7 Reasons You Feel Stressed During Exam Season – And How To Fix Them

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With finals approaching in a few weeks, it’s natural for students to feel the pressure.

Between classes, projects, part-time jobs and extracurriculars, there isn’t always a lot of time to slow down and catch your breath. In order to find success and maintain balance during this time of year, you need to be able to pinpoint the source of your stress. Here are some common “exam-season” symptoms and how to handle them.

1. Procrastination regrets

Everyone has been guilty of procrastination at some time or another – in fact, students are prone to putting off studying when they view it as a huge undertaking, rather than a series of tasks. If you find yourself in this situation, take some time to break down the material and analyze what needs to be done in smaller chunks. This will make it seem less intimidating.

Manage the remaining time you have left before your exam effectively by creating a timetable. This should include everything you have going on, including academics and extracurriculars. Aim to make the schedule as realistic as possible for yourself and your own needs because, let’s be serious, setting aside one hour to study 6 chapters is just impractical.

2. Too many shifts at work

Balancing part-time work and school is great because it equips you with excellent skills that will help you with your future endeavours. However, having a job during exam time can be very draining. Realistically, there isn’t enough time and energy in the day to work a long shift in retail and study course material for your exam – not effectively, that is.

Curb this issue by planning ahead. Once you know your exam schedule, work with your employer to create a strategy that satisfies both your responsibilities. This may involve changing your shifts or taking a few days off, so it’s important to keep your coworkers’ schedules in mind as well. Be considerate of them so they are not left struggling.

3. Prioritizing course material

If you missed some classes over the semester or found some gaps in your notes, you may be struggling to put together an effective study strategy. While some professors may offer hints in class about the exam content, it’s by and large the student who is left to figure out the weight of the lessons taught in lectures and labs.

One of the best ways to deal with this is to form study groups with your peers. Brainstorm and create mind-maps to connect important concepts in the material. Studying isn’t all about reading in your head – the more you discuss the topics with others, the more information you will retain. Place yourself in the professor’s shoes: What are some of they key topics they have reiterated time and again in lecture? What is the main idea they mentioned on that concept? You can create an effective strategy by going through practice questions, even similar ones found online for your own review.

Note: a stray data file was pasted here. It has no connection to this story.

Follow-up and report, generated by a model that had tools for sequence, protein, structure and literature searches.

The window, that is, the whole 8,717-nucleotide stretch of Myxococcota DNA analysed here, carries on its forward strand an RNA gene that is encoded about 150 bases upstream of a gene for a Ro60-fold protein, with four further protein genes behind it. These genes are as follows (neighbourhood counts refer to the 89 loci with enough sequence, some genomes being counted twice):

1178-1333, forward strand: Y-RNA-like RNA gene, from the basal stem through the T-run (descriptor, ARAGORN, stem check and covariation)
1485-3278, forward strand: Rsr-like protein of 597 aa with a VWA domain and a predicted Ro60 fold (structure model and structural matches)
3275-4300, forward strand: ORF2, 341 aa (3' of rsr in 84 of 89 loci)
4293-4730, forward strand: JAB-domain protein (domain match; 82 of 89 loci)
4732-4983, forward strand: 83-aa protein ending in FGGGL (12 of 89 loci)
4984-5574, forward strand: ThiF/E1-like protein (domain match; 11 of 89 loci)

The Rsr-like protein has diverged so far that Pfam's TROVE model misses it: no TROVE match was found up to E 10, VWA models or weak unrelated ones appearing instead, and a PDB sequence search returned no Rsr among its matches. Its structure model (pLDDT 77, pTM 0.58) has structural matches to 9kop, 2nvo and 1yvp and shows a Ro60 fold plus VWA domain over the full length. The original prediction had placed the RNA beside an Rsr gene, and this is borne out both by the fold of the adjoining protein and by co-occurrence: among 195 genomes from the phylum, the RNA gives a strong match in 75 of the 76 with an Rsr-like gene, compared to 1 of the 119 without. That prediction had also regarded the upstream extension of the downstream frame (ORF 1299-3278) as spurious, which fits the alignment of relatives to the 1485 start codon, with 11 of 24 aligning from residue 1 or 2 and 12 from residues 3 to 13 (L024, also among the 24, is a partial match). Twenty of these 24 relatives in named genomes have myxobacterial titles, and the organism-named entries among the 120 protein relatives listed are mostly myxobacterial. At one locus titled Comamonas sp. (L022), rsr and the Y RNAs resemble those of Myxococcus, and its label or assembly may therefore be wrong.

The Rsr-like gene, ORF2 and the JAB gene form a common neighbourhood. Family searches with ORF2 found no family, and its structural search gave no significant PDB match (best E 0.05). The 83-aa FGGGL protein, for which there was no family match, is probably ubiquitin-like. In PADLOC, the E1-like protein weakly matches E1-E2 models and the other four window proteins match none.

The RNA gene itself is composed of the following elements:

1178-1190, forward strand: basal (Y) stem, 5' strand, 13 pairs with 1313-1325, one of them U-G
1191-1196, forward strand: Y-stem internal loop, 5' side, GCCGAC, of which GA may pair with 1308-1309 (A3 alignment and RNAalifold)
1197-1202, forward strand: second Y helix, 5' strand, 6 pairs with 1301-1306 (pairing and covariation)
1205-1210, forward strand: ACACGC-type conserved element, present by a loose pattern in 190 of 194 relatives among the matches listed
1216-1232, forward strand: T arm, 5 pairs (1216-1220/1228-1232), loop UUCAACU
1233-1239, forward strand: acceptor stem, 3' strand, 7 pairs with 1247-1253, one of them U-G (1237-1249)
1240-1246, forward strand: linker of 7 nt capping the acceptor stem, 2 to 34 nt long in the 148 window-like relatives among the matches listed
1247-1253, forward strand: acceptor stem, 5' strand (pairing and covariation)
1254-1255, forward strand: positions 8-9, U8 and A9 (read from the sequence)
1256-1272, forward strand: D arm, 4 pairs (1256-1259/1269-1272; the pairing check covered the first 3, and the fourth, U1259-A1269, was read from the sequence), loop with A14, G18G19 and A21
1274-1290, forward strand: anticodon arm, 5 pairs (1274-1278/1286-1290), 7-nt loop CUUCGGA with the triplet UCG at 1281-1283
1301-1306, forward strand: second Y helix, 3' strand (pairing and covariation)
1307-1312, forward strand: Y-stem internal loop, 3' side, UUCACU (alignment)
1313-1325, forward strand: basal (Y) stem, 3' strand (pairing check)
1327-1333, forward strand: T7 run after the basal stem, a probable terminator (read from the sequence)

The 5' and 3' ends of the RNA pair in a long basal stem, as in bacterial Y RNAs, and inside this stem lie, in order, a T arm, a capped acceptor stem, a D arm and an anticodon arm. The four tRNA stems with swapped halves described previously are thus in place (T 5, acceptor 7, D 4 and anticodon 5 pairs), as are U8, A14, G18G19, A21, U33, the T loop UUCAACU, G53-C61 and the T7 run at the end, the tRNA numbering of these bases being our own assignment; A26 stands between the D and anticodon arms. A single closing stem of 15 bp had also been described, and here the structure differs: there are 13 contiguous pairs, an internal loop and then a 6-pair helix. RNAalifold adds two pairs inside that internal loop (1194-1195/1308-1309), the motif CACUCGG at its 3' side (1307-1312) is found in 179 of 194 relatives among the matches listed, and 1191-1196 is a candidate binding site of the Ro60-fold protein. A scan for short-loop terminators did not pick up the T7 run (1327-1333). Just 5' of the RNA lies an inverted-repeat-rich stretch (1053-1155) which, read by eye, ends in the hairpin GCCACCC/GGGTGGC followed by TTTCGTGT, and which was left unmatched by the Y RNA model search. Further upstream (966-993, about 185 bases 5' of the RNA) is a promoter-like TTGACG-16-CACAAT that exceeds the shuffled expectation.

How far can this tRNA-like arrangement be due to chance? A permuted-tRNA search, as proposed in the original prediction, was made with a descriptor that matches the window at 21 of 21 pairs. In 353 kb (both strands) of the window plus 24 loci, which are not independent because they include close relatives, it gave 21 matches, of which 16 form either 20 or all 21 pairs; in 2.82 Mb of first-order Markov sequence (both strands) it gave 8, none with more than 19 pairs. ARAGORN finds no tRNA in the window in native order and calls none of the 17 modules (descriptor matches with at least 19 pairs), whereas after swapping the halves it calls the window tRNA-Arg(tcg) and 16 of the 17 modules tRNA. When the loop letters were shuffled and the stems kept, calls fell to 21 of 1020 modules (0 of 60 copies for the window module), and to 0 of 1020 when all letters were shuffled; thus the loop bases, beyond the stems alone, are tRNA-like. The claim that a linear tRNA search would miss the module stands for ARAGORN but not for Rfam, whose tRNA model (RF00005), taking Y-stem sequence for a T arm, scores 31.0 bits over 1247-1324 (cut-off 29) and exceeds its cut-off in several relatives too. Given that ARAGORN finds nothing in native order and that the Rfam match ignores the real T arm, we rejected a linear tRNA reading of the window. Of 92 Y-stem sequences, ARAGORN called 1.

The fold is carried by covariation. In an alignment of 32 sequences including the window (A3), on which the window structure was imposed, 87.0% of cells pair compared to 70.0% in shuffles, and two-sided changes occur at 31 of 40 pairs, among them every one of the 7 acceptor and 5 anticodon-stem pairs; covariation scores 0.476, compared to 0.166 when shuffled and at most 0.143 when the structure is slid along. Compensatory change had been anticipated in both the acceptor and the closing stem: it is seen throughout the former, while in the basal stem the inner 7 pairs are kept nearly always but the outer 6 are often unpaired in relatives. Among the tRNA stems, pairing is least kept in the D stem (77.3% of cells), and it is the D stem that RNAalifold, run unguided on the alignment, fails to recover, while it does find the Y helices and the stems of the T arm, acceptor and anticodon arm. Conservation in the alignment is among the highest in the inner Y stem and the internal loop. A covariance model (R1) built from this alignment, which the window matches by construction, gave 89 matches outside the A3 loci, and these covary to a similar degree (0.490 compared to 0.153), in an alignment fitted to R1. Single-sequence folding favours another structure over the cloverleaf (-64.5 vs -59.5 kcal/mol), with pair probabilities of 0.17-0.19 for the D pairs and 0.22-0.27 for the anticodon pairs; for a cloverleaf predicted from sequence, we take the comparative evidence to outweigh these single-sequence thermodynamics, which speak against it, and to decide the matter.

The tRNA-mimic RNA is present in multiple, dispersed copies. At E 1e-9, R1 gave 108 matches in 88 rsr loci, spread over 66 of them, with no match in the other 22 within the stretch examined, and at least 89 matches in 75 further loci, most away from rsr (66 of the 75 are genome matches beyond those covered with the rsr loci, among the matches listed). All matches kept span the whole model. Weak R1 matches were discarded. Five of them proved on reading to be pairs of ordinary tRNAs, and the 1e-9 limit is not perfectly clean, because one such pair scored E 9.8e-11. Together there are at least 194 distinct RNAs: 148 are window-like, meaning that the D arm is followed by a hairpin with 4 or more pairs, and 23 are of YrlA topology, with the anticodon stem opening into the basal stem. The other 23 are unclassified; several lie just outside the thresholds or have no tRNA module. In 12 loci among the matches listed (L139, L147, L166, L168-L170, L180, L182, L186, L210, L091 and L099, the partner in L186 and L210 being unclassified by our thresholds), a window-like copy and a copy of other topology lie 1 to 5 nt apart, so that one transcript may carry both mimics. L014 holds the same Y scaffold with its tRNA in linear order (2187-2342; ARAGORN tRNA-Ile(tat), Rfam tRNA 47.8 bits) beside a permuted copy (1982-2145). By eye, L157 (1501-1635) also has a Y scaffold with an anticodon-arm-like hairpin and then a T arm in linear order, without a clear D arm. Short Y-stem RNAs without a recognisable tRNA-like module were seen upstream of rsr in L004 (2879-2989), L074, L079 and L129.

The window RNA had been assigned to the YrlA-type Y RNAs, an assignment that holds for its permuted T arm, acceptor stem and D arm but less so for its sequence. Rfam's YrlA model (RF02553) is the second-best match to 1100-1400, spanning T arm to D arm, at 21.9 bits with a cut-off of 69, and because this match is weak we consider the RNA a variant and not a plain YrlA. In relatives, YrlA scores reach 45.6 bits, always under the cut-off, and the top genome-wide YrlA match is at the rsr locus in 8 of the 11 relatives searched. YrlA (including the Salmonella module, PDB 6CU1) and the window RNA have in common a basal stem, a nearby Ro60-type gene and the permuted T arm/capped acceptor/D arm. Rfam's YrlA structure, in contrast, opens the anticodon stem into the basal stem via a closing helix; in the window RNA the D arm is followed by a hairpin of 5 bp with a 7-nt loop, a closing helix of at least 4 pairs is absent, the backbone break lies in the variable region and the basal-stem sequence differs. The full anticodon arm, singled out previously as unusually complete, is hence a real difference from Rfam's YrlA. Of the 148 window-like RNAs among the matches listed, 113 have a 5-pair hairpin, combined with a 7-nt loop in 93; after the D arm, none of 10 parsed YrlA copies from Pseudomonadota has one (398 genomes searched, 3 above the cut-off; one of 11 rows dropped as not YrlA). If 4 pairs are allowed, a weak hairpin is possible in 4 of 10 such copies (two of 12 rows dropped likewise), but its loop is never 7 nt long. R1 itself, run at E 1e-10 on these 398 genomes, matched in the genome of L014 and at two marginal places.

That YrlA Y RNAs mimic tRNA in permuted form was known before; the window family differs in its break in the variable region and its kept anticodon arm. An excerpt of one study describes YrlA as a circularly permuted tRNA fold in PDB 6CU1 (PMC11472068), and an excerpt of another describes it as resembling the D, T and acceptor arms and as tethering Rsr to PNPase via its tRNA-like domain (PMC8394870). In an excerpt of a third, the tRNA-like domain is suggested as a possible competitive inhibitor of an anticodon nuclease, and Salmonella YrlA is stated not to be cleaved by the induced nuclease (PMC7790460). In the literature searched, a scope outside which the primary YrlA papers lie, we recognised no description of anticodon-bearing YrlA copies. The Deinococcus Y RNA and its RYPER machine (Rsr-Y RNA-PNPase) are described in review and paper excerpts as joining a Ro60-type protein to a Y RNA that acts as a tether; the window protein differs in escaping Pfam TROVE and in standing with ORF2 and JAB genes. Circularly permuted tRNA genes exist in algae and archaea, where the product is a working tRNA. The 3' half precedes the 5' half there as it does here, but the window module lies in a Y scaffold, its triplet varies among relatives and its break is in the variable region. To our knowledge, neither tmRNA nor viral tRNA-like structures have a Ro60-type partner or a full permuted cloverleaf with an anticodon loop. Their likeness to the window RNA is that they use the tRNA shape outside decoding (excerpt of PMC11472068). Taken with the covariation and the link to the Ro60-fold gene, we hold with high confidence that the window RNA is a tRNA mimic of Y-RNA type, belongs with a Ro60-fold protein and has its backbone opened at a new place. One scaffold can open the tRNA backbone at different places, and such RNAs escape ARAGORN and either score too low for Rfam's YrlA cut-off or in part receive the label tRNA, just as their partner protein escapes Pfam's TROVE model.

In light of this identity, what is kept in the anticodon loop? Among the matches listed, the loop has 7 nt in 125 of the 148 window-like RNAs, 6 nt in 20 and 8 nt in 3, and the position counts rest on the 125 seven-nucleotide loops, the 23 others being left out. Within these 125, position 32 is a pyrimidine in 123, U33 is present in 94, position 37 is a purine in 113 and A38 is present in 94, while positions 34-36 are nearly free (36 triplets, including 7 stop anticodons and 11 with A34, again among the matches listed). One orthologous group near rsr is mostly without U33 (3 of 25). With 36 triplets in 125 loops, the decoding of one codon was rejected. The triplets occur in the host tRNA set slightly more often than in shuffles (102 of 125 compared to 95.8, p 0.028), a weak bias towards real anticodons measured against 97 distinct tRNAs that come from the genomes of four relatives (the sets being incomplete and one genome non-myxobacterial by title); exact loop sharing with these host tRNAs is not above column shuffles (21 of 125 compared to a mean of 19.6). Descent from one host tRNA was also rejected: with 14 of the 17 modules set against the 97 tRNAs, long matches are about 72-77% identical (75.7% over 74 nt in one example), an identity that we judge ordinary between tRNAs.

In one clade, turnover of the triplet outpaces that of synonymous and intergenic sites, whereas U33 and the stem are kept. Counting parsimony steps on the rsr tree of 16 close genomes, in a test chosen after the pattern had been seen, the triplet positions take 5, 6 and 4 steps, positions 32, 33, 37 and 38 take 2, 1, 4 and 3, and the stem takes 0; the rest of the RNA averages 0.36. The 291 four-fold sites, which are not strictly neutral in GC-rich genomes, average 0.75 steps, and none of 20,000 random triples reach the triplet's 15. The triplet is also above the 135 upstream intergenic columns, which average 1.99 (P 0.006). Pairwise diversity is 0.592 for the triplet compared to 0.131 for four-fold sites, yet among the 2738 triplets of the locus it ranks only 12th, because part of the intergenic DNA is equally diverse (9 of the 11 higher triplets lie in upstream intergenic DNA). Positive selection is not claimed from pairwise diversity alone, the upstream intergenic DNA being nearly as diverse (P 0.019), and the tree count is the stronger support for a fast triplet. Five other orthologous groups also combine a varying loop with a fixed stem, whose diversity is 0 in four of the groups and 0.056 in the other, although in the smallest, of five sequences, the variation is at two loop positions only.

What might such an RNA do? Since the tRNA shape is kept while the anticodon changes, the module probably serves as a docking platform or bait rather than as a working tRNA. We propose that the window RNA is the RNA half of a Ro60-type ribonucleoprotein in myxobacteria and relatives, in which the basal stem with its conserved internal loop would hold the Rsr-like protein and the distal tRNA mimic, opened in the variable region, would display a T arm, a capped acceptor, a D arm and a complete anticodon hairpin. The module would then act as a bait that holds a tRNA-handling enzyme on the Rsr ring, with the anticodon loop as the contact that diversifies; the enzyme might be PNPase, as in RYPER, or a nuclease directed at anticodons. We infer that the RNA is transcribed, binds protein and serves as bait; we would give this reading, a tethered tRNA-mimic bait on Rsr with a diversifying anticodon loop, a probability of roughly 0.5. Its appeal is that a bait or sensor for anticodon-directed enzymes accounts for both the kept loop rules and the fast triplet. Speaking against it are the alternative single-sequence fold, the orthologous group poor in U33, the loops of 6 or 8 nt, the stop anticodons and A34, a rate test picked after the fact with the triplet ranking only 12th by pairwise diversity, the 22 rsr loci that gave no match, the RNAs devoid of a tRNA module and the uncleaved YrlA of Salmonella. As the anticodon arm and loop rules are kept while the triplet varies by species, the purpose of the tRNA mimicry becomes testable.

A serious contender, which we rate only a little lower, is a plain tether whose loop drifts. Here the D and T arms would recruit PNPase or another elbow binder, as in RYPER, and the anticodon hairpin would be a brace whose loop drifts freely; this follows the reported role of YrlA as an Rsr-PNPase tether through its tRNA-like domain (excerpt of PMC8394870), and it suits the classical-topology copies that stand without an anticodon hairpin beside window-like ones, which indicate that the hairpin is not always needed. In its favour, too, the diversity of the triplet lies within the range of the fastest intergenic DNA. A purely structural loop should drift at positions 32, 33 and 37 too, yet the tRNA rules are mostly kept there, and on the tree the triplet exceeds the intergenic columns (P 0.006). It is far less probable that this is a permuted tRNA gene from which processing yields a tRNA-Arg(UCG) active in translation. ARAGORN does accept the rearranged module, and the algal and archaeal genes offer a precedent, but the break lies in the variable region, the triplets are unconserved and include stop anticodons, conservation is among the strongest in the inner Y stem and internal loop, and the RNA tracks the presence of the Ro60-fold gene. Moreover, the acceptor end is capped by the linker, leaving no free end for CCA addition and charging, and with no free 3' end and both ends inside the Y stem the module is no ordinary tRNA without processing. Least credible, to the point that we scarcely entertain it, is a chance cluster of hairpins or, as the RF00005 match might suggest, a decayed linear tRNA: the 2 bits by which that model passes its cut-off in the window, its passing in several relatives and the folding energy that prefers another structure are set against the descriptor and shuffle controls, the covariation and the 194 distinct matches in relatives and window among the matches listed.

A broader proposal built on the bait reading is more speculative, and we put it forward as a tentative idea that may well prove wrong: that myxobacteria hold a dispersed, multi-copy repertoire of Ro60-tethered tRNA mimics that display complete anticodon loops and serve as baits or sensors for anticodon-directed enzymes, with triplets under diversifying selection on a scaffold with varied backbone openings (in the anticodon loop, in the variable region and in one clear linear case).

4. Lacking a proper workspace

Whether you live at home or in a dorm, distractions can be found just about anywhere. Being in an environment that’s too busy can have a negative impact on your study efforts so it’s important to take the time to find the kind of environment you work best in.

Some people study best with their books spread around them, some people like to work in a silent space, and some learn best in coffee shops with minimal noise in the background. Find or create your own ideal study space that encapsulates everything you’ll need to focus: your necessary books and notes, proper lighting, a chair with proper back support, and room for your notebooks/laptop if you need to work with them as well.

5. Not enough sleep

As someone who has recently graduated, I’ve seen my share of sleep-deprived undergrads commuting to school. While some people thrive on little sleep or claim to work more productively at night, extended periods of exhaustion will have a negative impact on your well-being. According to a study at Harvard Medical School’s Health Sleep division, sleep optimizes focus and consolidation of memory, aiding our ability to recall information.

6. Unhealthy eating

If you’ve been consuming nothing but coffee, energy drinks, and junk food, you are likely contributing to your stress levels. Healthy eating has a positive effect on our focus/memory when studying, so it is worth taking the extra 30-minute break to cook a decent meal.

Plan your meals in advance – there are many simple recipes that take little to no time to prepare, such as chili with ground beef and kidney beans. There are many blogs and websites that offer tips about healthy eating during exams. For example, foods rich in iron and B vitamins like red meat, fish, soy, cereal, spinach, whole-grains, eggs, and nuts are especially important to maintaining the physical and mental energy necessary to study well. Eating at regular times will help reduce laziness drastically, while also curbing unnecessary snacking. For those who like munching while reading, fruit, veggies, and raw almonds are great “brain foods” to eat while studying and before exams.

7. You don’t take enough breaks

If you’re one of those students who reads material nonstop for hours, this point is for you – give yourself a break! It’s important to rest your eyes and change your surroundings once in awhile so you can return to your studies feeling refreshed and energized. Try taking a walk with your dog, gardening, attending a yoga class, or going for a quick run. Taking this time to relax means your time spent studying will be more effective – you will return with an increased attention span and higher levels of concentration.

What other things have you tried as a stress reliever? Let us know in the comments below!

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